13 November 2014 – 8 February 2015
Algorithmic cultures call for new forms of aesthetic and computational literacy, artists invent newforms of making-visible in the digital society. The exhibition Type Motion: Type as Image in Motion draws on a century of artistic experiments meshing image and writing / code, we hope that it provides a horizon from within which to engage with these questions.
Video made by FACT Services fact.co.uk/services-venue-hire
FACT is very interested in exploring new forms of engagement, so over the course of our collaboration with their team members we came up with an exhibition design that is as much about a wide range of user experiences as new social interfaces like the Development Lab that is also part of the exhibition. The immersive experience in Gallery 01 plays with mirror-based infinity effects; quite often, media interfaces with our perception and aesthetic experience in less direct ways, so we wanted to draw attention to these affective registers both of the works shown and our aesthetic experience. Who knows, maybe the sudden discovery of such mirror effects serves as a reminder of the need to keep aesthetic experience open to the accidental encounter, rather than enclose everything in the walled gardens of commercial media. Gallery 02 takes visitors from being mere spectators in the cinema to co-curator of playlists on a giant multitouch interface for projection, with a play-based fly-through of an archive imagined as an infinite open world.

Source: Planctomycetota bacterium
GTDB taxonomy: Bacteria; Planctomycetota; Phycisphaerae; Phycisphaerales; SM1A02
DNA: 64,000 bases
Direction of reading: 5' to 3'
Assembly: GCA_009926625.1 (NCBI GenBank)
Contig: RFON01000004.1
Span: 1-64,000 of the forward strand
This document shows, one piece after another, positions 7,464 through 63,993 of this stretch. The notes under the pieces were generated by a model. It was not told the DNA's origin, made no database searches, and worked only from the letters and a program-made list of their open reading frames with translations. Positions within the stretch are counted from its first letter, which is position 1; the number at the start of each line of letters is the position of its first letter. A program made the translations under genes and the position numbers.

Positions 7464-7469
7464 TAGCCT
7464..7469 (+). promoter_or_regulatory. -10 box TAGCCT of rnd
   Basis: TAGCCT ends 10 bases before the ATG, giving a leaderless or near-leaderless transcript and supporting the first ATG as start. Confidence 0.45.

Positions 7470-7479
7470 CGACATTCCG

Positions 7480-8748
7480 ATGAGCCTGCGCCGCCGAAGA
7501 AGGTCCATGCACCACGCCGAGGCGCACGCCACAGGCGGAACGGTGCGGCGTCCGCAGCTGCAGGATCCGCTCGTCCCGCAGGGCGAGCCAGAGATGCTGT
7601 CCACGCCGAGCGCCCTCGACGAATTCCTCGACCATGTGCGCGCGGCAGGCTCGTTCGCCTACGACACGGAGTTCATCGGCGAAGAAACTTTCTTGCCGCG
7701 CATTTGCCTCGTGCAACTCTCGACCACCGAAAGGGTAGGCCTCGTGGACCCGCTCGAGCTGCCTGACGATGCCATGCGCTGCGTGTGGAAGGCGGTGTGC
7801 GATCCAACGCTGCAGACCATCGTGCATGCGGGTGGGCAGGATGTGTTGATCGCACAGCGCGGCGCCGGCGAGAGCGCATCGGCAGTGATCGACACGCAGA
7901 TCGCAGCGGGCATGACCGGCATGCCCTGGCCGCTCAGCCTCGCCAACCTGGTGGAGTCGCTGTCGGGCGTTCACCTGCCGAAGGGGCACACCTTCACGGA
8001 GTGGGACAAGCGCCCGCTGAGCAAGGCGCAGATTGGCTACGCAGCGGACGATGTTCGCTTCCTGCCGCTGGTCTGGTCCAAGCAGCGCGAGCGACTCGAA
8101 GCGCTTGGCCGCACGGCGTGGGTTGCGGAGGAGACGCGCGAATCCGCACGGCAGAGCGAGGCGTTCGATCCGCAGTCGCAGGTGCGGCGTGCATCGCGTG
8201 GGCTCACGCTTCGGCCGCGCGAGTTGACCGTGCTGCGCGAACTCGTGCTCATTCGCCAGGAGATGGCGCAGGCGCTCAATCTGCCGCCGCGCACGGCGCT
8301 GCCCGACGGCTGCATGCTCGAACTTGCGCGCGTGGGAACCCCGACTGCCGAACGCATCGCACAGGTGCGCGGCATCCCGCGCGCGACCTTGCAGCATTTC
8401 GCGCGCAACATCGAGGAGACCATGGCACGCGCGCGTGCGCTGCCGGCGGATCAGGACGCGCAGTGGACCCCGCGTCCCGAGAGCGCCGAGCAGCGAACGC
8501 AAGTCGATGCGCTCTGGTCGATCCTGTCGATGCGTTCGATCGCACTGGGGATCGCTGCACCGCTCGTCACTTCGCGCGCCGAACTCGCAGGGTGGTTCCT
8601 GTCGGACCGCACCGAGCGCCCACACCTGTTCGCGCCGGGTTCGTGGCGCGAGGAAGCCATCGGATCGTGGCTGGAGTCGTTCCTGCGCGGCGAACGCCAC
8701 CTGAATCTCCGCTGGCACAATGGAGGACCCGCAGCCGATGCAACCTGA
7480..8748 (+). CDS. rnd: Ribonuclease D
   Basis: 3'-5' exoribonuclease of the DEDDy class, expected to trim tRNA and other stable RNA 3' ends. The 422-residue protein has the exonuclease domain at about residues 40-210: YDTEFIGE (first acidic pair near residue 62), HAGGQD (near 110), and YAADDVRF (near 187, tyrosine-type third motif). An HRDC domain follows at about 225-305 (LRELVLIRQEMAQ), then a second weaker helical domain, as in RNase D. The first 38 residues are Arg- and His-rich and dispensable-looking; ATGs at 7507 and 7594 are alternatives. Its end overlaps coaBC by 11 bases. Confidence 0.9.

The idea of a dynamic archive is in fact the overall curatorial concept. We live in times where archives have grown so hungry that they threaten to eat the present – we just don’t have time to watch it all. So given the large numberv of works on display, it was clear that we would have to come up with archive interfaces that structure these types of user experience. The interface designed and coded for the giant multitouch table offers such an interface, allowing users to browse hundreds of films across genres, and then compare and contrast them on two large screens, allowing users to effectively become part of a research process. Using a large interface (with ten independent touchpoints) means that it leaves room for various forms of collaborative exploration. Aesthetic experience is often considered a highly singular event, but given the disappearance of the cinema as collective experience of reference for visual media, we wanted to remind visitors of how much fun it is to explore these works together, sharing responses rather than watch them on individual mobile devices. The idea of the dynamic archive has always implied an idea of cultural translation – even if globalcommerce depends on the standardization of goods and logistical infrastructures, museums should definitely not play by these rules. So we wanted to come up with exhibition designs that reflect the architectural qualities of each space. At FACT, the emphasis was on creating multiple openings and paths of entry, including the social interface of the Development Lab and a workshopseries.
| text Dr. Soenke Zehle